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Ask James Franco why a movie star might want to work in TV, and he won't mention a television show. He'll talk about a book.

Turns out, like a lot of TV nerds, Franco geeked out over the book Difficult Men, a detailed look at how the creators and showrunners of classic "quality TV" series like The Sopranos, Breaking Bad and The Wire shaped the shows that built the foundation for modern TV drama.

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Before we get too far into 2016, it's worth taking one more look at what happened to media in the year that just ended. To paraphrase the old saying, ignorance of history dooms you to repeat it. And some of what happened in media in 2015, we really want to avoid repeating.

NPR TV critic Eric Deggans spoke to Carrie Kahn on Weekend Edition Sunday about the plethora of television available on broadcast, cable and streaming outlets, and you can hear that conversation at the top of the page. Eric has, however, picked 12 shows that rose above the rest for this year-end wrap.

You may see a lot of teeth-gnashing from critics in year-end pieces lamenting how the flood of TV shows this year undermines the industry and makes picking out the best stuff of 2015 nearly impossible.

Don't believe it.

As the pilot episode for ABC's counter terrorism drama Quantico begins, one of the biggest stars in Bollywood is lying in the ruins of a bomb blast.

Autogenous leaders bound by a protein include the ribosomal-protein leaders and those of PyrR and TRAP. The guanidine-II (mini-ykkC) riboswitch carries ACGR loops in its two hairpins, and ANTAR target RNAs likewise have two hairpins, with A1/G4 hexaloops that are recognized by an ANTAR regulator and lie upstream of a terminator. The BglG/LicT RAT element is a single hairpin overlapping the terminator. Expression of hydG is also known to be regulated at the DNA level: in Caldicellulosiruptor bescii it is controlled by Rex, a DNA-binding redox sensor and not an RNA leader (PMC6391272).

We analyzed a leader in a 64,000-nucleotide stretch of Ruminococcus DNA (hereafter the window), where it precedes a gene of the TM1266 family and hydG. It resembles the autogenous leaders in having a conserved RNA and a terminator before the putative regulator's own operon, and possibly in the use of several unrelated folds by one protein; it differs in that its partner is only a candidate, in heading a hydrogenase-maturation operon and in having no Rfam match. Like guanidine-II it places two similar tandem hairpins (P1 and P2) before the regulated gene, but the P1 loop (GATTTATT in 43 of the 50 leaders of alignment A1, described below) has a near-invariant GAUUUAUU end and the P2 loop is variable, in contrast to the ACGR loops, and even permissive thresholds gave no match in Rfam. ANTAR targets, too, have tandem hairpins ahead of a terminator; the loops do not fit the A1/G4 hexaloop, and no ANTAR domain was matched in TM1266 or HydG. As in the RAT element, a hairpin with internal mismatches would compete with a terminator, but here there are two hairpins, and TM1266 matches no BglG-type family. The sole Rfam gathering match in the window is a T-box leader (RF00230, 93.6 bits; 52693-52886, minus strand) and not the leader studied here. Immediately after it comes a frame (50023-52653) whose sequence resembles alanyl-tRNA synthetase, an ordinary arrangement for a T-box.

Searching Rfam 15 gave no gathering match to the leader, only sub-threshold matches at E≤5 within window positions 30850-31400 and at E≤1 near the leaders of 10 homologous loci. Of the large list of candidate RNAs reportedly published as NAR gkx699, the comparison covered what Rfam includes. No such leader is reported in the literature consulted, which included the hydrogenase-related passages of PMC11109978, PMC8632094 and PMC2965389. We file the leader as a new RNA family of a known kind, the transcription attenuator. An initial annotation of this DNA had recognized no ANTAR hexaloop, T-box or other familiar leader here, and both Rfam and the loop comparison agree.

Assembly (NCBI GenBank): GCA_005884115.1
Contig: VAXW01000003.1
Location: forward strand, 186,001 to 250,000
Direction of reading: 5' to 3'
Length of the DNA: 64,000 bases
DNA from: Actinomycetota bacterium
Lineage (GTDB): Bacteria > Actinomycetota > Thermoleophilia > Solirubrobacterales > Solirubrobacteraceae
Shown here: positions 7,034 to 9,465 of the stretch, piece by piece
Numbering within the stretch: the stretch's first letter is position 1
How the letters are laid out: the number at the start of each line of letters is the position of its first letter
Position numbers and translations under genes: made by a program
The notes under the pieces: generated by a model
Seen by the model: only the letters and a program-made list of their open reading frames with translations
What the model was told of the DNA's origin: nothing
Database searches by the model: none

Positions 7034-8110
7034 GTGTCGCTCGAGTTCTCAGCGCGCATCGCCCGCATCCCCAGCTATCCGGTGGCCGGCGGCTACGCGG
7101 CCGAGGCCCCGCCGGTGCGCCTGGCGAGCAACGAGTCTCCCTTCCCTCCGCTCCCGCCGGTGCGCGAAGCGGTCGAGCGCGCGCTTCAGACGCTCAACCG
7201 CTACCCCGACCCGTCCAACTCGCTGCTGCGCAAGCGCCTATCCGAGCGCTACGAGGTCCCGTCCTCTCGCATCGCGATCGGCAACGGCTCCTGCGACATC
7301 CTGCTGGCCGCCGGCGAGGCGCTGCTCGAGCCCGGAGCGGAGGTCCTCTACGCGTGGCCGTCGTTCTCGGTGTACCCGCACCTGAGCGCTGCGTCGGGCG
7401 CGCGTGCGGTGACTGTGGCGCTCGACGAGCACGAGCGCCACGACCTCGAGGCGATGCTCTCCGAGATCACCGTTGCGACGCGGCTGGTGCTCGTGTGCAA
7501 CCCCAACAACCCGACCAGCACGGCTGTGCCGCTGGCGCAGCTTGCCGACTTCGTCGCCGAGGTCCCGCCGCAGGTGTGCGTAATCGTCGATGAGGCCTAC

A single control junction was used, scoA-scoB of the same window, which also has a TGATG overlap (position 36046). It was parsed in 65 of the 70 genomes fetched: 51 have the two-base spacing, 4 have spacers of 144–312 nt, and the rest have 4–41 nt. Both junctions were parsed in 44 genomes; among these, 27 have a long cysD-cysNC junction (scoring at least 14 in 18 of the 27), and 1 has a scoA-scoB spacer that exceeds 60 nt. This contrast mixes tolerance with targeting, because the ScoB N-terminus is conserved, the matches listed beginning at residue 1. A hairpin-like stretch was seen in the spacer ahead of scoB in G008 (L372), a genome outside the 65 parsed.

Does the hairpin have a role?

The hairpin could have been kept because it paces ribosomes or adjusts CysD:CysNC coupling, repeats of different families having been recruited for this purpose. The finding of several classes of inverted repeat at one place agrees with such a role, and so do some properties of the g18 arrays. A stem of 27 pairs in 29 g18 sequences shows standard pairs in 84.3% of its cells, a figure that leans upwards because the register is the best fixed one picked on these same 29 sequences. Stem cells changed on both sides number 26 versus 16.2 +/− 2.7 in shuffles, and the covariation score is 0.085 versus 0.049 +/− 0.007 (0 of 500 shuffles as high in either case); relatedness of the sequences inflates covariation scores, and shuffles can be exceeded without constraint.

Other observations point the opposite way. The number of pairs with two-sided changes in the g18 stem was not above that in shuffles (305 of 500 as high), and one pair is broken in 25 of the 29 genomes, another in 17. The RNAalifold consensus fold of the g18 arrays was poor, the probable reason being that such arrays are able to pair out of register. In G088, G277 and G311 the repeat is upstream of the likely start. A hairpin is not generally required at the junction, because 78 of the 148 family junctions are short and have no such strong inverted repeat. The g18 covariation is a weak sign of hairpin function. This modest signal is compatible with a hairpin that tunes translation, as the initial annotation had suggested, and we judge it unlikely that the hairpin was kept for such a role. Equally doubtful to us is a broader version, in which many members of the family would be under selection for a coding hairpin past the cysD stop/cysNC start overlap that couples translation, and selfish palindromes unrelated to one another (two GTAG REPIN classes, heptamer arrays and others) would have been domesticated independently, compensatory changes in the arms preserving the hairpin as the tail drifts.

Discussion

It's Priyanka Chopra, and she's playing Alex Parrish, an FBI trainee falsely accused of setting off the explosion. She's also making history as the first South Asian woman to play the lead in a network TV drama.

"The bomber knew exactly what they were doing," Chopra says as Parrish in a later episode. "They framed the brown girl."

As I watched each episode of the second season of Amazon's Transparent, the same question kept popping into my mind: Are the Pfeffermans the most dysfunctional family now on television?

The first episode of the new season begins with an awkward wedding photo. The family has gathered for eldest daughter Sarah's marriage to her lesbian partner. But the show's lead character, Jeffrey Tambor's transgender academic Maura Pfefferman, has a problem: Her homophobic sister is in the audience.

When NBC first considered bringing The Wiz Live! to television, the network couldn't have known how much America would need to see this.

At a time when the country is reeling from mass shootings, protests over police killing black teens, and presidential candidates railing against immigrants and refugees, there is no better time to experience a soothing, expertly executed celebration of family, friendship and black culture.

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Tonight, ABC will celebrate the 50th anniversary of "A Charlie Brown Christmas," one of the most successful animated Christmas specials in TV history.

(SOUNDBITE OF SONG, "CHRISTMAS TIME IS HERE")

They won't actually get to host Saturday Night Live, but four GOP candidates have completed agreements with NBC allowing them to broadcast campaign messages on affiliate stations in Iowa, New Hampshire and South Carolina over Thanksgiving weekend.

These deals resulted from "equal time" requests made after leading GOP candidate Donald Trump guest-hosted Saturday Night Live on Nov. 7.

SPOILER ALERT: This column discusses events from Sunday's Walking Dead episode. Read with care if you haven't already seen the show.

It was the biggest head fake in recent television history.

Fans of The Walking Dead Sunday finally got an answer to the question that had been on their lips since late October, when long-running character Glenn Rhee was shown tumbling into a crowd of flesh-eating undead from the top of a dumpster with a hapless friend who had just shot himself.